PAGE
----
Authentication in peer-to-peer systems

In the environment of the 3:rd generation Internet based on peer-to-peer architecture, well-trusted methods must exist to establish a secure environment. One main issue is the possibility to verify that a node actually is who it claims to be (authentication). Establishment of authentication between nodes in a peer-to-peer environment where nodes are exchanging information directly with each other requires more planning than in a typical client-server environment where the authentication methods are server-based. The peer-to-peer applications described in this report use authentication methods…


1 Introduction
1.1 Background
1.2 Motivation
1.3 Purpose
1.4 About this document
2 Peer-to-Peer: definitions and architecture
2.1 Definitions
2.2 Architecture
2.2.1 Hybrid peer-to-peer networks
2.2.2 Pure peer-to-peer networks
2.3 Summary
3 Security: definitions
3.1 Establishment of a trusted environment
3.2 Authentication
3.3 Authorization and access control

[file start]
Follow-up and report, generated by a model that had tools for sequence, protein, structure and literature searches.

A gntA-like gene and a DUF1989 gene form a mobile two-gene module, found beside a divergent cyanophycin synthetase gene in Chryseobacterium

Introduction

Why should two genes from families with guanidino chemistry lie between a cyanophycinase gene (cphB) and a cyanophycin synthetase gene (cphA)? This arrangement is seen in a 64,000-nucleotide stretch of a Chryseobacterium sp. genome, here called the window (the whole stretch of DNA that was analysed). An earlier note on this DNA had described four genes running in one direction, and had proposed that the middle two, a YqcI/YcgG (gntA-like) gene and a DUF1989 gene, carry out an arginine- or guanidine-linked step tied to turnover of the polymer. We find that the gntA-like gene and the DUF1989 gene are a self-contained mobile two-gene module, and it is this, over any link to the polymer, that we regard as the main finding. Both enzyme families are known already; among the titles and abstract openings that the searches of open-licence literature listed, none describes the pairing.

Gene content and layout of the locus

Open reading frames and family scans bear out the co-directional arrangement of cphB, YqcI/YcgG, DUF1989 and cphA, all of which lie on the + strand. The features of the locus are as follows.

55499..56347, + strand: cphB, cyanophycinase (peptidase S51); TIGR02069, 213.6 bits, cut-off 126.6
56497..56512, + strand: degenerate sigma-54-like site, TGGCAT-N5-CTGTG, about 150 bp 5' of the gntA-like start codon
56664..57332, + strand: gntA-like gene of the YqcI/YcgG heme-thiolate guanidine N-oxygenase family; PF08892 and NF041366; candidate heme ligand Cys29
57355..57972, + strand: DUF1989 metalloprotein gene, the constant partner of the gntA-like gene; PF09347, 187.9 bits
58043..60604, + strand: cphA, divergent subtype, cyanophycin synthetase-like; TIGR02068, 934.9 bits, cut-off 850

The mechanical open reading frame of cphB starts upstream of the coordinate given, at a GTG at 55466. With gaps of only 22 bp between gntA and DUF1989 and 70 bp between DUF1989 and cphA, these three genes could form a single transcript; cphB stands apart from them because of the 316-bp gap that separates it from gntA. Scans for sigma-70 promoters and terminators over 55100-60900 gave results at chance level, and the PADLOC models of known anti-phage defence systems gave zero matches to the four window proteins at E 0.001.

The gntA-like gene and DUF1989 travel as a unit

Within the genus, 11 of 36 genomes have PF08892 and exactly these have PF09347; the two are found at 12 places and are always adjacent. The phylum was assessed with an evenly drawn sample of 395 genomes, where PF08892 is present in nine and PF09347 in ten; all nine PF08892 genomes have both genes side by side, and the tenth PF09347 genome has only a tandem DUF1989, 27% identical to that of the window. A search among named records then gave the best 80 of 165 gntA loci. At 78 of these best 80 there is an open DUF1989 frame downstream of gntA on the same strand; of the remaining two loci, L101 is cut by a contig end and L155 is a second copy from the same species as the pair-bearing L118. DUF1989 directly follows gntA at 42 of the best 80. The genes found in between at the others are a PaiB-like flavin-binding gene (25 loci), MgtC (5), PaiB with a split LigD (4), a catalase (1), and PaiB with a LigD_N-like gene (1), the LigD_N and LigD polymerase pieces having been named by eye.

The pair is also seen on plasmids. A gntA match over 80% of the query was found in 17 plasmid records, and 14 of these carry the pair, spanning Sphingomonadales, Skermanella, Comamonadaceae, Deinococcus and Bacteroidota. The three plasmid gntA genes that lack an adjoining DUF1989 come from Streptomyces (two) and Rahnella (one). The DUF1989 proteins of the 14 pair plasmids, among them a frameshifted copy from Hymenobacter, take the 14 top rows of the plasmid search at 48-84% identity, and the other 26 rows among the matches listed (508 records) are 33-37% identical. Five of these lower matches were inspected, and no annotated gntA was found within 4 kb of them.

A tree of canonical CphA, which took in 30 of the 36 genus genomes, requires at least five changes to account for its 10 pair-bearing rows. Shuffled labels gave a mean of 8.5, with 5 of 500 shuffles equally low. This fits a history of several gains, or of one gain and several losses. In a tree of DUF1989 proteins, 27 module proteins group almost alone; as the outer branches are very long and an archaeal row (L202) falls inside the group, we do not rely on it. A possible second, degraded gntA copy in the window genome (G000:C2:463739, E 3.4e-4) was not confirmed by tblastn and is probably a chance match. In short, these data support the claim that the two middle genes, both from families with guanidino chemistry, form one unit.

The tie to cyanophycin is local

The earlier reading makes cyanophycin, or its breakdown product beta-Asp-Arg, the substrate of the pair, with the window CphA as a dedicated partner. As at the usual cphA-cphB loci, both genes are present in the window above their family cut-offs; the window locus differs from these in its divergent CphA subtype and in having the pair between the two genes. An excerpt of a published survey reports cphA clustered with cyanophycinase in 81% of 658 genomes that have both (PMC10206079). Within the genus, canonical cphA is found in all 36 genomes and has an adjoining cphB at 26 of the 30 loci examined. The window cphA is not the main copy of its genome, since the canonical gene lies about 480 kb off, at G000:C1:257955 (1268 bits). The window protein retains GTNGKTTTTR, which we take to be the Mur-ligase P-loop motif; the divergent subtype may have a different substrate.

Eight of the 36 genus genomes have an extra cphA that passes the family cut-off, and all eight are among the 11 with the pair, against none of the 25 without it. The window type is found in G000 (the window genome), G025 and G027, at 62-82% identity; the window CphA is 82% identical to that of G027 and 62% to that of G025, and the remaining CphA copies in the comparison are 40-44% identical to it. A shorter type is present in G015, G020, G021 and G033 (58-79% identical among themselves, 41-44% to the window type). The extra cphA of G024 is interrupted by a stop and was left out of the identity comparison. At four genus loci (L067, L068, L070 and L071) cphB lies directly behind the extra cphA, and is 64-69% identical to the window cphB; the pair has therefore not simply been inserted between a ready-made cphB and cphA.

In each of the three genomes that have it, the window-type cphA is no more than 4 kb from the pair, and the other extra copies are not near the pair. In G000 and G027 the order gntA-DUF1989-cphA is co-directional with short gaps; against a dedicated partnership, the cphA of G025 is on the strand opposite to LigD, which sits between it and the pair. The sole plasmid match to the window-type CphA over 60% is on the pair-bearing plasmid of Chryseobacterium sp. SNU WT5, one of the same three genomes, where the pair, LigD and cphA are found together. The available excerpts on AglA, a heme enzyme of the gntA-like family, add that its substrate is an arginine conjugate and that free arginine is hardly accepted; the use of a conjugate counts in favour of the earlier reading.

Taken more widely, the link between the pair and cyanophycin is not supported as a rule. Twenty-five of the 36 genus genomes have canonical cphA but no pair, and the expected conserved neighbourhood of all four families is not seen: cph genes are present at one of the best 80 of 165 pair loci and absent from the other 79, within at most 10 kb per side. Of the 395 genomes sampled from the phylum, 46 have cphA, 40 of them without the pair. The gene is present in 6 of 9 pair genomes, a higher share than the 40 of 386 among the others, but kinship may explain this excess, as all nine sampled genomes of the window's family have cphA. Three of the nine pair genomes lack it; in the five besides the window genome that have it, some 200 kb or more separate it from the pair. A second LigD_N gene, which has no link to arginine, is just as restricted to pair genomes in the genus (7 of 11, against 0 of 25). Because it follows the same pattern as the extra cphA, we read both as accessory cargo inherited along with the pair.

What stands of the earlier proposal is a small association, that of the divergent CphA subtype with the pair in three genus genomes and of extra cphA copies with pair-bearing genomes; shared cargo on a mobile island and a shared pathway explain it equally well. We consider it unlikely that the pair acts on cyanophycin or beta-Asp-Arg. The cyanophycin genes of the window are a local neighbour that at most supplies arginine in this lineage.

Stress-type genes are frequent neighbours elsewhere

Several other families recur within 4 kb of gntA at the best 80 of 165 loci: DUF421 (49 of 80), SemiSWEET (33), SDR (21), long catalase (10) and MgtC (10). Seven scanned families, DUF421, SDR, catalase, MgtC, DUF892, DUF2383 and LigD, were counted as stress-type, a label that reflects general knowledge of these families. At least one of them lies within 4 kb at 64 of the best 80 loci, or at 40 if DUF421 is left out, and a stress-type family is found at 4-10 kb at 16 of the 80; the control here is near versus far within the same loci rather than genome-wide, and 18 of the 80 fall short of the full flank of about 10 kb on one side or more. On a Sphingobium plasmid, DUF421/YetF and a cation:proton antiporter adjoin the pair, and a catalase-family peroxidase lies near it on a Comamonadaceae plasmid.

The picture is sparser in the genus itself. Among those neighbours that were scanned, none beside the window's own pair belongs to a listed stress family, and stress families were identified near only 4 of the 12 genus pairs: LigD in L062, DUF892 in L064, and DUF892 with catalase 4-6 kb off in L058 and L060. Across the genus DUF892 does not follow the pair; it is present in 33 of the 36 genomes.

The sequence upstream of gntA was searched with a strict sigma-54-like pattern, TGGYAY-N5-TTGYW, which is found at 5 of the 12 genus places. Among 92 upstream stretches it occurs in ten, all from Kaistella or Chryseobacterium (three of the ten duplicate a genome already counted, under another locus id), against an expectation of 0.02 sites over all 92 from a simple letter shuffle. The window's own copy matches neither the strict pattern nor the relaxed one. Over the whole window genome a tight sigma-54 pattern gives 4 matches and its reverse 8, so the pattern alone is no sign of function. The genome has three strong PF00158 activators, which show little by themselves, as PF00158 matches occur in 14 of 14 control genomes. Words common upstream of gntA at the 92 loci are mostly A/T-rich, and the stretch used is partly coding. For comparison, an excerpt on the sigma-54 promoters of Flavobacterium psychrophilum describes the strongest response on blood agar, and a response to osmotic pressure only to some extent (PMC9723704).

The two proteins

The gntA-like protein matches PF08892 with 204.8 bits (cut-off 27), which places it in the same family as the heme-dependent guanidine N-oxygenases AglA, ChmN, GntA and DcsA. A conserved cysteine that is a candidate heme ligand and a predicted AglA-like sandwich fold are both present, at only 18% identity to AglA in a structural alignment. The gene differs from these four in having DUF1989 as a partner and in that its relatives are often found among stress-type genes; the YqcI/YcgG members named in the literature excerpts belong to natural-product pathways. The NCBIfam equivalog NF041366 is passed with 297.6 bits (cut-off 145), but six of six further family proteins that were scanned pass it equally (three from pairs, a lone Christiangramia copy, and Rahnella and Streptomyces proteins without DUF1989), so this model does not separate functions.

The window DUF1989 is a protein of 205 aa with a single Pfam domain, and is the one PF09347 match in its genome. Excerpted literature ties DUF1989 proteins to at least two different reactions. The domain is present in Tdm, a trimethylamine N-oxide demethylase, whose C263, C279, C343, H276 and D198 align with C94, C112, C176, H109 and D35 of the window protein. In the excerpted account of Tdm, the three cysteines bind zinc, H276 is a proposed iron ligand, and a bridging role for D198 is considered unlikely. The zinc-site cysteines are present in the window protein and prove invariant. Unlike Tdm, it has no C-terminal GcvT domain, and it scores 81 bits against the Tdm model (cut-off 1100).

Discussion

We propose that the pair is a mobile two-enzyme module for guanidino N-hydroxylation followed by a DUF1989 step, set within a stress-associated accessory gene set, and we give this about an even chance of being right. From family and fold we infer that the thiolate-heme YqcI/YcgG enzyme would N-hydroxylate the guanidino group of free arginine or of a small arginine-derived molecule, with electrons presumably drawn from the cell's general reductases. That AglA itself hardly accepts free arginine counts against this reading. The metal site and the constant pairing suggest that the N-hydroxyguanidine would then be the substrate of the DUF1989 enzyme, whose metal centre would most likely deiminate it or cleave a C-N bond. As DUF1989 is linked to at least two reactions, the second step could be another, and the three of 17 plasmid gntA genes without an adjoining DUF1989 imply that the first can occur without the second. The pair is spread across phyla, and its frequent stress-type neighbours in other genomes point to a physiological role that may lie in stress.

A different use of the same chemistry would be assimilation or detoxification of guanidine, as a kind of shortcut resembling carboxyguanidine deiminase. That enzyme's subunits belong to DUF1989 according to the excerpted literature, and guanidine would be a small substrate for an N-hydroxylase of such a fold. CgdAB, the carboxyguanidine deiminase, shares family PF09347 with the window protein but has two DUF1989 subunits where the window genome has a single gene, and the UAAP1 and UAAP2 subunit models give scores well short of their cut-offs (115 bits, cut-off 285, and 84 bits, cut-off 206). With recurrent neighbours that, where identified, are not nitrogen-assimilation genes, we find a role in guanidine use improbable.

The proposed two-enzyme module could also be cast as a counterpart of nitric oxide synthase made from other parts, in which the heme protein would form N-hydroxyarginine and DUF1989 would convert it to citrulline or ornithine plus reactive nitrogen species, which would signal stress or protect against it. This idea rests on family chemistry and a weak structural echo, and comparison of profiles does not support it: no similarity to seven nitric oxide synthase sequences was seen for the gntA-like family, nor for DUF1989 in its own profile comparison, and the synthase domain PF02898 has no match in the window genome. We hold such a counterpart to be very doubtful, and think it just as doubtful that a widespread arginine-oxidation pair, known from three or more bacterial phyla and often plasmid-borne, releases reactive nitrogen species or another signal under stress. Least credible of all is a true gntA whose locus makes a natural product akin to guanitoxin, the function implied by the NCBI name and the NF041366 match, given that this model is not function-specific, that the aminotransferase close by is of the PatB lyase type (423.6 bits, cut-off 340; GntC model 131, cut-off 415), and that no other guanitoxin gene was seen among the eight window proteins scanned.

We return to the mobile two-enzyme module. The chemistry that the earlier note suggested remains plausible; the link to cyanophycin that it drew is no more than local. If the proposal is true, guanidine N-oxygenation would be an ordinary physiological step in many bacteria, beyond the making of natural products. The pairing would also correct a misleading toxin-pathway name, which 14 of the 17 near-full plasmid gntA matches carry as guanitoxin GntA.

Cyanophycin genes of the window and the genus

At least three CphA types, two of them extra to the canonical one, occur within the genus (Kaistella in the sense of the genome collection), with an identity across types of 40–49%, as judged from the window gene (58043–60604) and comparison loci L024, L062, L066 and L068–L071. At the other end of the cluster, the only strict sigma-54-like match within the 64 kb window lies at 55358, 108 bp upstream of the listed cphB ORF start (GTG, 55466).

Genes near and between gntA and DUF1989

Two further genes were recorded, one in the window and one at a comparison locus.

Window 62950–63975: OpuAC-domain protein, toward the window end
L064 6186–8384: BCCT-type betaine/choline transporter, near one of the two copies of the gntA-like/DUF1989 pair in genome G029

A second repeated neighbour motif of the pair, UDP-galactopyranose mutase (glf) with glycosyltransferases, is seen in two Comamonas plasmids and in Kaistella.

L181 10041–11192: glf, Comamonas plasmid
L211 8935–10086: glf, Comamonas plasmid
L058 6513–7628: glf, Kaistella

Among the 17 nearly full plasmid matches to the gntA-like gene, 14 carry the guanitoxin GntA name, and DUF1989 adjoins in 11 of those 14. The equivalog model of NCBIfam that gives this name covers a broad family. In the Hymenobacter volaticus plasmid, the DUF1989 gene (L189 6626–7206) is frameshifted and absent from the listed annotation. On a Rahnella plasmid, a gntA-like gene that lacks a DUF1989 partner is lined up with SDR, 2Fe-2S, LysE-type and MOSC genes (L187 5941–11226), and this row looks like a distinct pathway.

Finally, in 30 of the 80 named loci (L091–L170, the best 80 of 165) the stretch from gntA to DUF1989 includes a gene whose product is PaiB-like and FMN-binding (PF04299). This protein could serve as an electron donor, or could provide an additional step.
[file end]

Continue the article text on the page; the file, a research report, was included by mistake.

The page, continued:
3.4 Data integrity
4 Network authentication methods
4.1 Key distribution
4.1.1 Private keys
4.1.2 Public keys
4.2 Symmetric algorithms
4.3 Asymmetric algorithms
5 Peer-to-Peer authentication
5.1 Napster
5.2 Mangomind
5.3 WebRiposte
5.4 Groove
5.5 Magi Enterprise
5.6 Avaki
5.7 Globus
5.8 Summary
6 Secure P2P development platforms
6.1 JXTA
6.2 .NET
6.3 Peer-to-Peer Trusted Libraries
6.4 Summary
7 Conclusions and future work
7.1 Conclusion
7.2 Future work
Appendix A: Authentication procedures
A.1 Kerberos
A.1.1 Description
A.1.2 Architecture
A.2 X.509
A.2.1 Description
A.2.2 Architecture
Appendix B: Existing P2P systems
B.1 Napster
B.1.1 Architecture
B.1.2 Security
B.2 Gnutella
B.2.1 Architecture
B.2.2 Security
B.3 Freenet
B.3.1 Architecture
B.3.2 Security
B.4 Mangomind
B.4.1 Architecture
B.4.2 Security
B.5 WebRiposte
B.5.1 Architecture
B.5.2 Security
B.6 Groove
B.6.1 Architecture
B.6.2 Security
B.7 Magi Enterprise
B.7.1 Architecture
B.7.2 Security
B.8 Avaki
B.8.1 Architecture
B.8.2 Security
B.8.3 Secure Grid Network Protocol
B.9 Globus
B.9.1 Architecture
B.9.2 Security
Appendix C: P2P development platforms
C.1.1 Description
C.1.2 Architecture
C.1.3 Security
C.2 .NET
C.2.1 Description
C.2.2 Architecture
C.2.3 Security
C.3 Peer-to-Peer Trusted Library
C.3.1 Description
C.3.2 Architecture
C.3.3 Security

Author: Åslund, Jonas

Source: Linköping University

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